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How Should Christians Engage in a Divided Political Climate?

October 31, 2018
By Deanne Regier
Deanne Regier
Upper School Social Studies
Teacher, Deanne Regier

As mid-term election day approaches this Tuesday, November 6, we thought we would  have our 12th grade Government/Economics teacher, Deanne Regier, share some of her thoughts as to how Christians should rightly engage in politics in such a divided political climate.

 

For the past nine years, I have had the privilege of teaching the Government-Economics course to the WCCS 12th graders. To say the least, the current divided political climate has re-enforced my belief in treating others with kindness, respect and dignity.  Regardless of what is happening on cable news networks or social media, class discussions and private conversations for Christians should be gracious and God-honoring.  As Jesus states in Luke 6:43b, “For the mouth speaks what the heart is full of” (NIV).  Therefore, our conversations, Tweets, posts and demeanor reflect our heart condition.

In an attempt to create a God-honoring classroom environment, I have four foundational beliefs that I implement in my class:

  1. Christians historically have been on the forefront of politics and reform movements in this country.  For example, the Second Great Awakening of the 19th century was a catalyst for the wide variety of movements: abolition, temperance, educational and social.  Because of their love for God, Christians impacted their community for social and political change.  Therefore, we, as Christians, should not disengage in this chaotic and vicious political culture.  Instead, we should be more engaged.  Each quarter, I require students to earn points from a variety of projects that encourage local involvement in politics and discourse.  Students attend city council meetings or volunteer for political campaigns.  We, as Christians, should engage in current events even more during this time of division and controversy as a “light” to a dark world (Luke 5:16).

  2. Dishonoring a person cannot be permitted and must be openly challenged.  So how does this manifest itself in the classroom setting?  First, students are welcome to disagree with policies but cannot crush or disrespect a person.  We actually practice how we should say something.  Students cannot say,  “I hate_____.” But they can say: “ I disagree with ____ policies for the following reasons.”  Second, we should challenge “person-bashing” conversations and encourage the respecting of humans as created in the image of God in conversations and social media.   If we say nothing, we in effect condone the comments.  Finally, we can simply honor our leaders with the correct title.  Simply adding “President” or “Secretary” or “Senator” can show this person respect. Our words have meaning!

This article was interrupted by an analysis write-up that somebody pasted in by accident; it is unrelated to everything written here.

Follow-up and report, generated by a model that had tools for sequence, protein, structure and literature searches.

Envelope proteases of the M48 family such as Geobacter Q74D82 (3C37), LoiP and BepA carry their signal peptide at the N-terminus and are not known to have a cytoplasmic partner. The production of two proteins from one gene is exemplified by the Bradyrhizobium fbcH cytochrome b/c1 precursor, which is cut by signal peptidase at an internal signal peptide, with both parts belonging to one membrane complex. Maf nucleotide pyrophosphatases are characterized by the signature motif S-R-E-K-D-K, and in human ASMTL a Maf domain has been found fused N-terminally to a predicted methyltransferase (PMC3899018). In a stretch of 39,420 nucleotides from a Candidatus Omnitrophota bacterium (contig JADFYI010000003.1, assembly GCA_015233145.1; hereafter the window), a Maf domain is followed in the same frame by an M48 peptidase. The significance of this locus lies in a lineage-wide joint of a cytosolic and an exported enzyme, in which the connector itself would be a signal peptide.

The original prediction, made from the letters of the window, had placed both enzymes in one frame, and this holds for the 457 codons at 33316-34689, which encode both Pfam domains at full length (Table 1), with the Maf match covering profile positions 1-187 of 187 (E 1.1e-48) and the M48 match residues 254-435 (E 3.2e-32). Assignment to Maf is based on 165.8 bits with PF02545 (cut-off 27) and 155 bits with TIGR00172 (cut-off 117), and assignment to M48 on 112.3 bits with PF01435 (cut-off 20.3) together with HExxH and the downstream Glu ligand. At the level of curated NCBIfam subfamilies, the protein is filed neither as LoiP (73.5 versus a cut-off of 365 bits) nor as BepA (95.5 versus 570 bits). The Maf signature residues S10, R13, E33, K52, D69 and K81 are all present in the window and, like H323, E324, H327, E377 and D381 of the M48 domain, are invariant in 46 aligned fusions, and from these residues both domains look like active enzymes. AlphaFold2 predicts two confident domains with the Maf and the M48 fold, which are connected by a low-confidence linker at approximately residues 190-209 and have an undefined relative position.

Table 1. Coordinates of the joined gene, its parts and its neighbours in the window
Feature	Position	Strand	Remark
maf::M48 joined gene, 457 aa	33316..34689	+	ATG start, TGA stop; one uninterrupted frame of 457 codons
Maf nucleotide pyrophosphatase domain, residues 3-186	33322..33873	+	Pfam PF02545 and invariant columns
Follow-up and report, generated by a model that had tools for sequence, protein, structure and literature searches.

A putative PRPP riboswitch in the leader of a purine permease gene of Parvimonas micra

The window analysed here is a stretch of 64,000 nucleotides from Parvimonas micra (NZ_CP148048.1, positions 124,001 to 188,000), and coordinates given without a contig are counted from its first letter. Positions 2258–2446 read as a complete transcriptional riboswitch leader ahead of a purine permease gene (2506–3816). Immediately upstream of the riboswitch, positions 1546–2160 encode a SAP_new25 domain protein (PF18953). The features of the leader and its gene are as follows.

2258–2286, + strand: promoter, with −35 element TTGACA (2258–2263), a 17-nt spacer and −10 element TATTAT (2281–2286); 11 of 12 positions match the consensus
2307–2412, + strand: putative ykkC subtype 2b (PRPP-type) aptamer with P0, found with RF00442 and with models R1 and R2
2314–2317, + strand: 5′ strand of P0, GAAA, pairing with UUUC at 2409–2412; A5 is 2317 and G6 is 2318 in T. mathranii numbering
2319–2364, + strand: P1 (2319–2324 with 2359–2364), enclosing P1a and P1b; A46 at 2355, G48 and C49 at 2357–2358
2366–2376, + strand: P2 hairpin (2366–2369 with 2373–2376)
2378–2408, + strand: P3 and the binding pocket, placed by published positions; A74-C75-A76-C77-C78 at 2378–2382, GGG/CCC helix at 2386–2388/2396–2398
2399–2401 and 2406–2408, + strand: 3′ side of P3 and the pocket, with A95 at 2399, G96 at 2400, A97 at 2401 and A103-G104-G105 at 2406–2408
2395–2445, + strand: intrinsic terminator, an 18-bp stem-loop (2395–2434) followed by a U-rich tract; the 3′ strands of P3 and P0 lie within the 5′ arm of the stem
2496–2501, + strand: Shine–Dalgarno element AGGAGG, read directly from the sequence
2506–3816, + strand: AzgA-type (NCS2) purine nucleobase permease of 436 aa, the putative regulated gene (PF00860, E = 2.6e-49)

3. Condemning someone based on hearsay or rumors without due process, rule of law or respected journalistic practices cannot be allowed.  Therefore, only approved news sources are allowed to be quoted in class and used in research.  Of course, I encourage students to analyze differing perspectives (i.e. FoxNews and CNN) but encourage thoughtful interpretation of the presentation and content.

  4. Since God is far above our simple understanding of Democrat and Republican Party, God cannot be limited to a certain party.   I start each year by saying, “God is not a Republican.  God is not a Democrat.  He is far above our political chaos.”  As Tim Keller, founder of the Redeemer Presbyterian Church (PCA) in New York City,   wrote, “While believers can register under a party affiliation and be active in politics, they should not identify the Christian church or faith with a political party as the only Christian one.”  (Editorial in New York Times, September 29, 2018)  We are commanded as Christians to love your neighbor and defend the rights of the oppressed.  But how we “love” and “defend” is open to interpretation. 

Government Economics Class
12th Grade Economics/Government Class

As I state in my course syllabus, the primary goal of WCCS’s Economics-Government course is to “develop a passion for civic and economic responsibilities as Christians in an international community.”  Even though I want my students to be passionate about government and economics that isn’t my primary goal as an educator. My prayer for my students is that they see our hope is not in this government, administration, tax policy, healthcare system or any other current hot-topic.  Our hope is in an eternal Heavenly Father who has a purpose and plan for our country and its leadership.  As believers in Jesus Christ, we are citizens of the kingdom of Heaven over which Jesus is the King of kings and Lord of lords.  We relate to our country as citizens of Christ’s kingdom and direct our actions to please Him. Rest assured -- God is still in charge.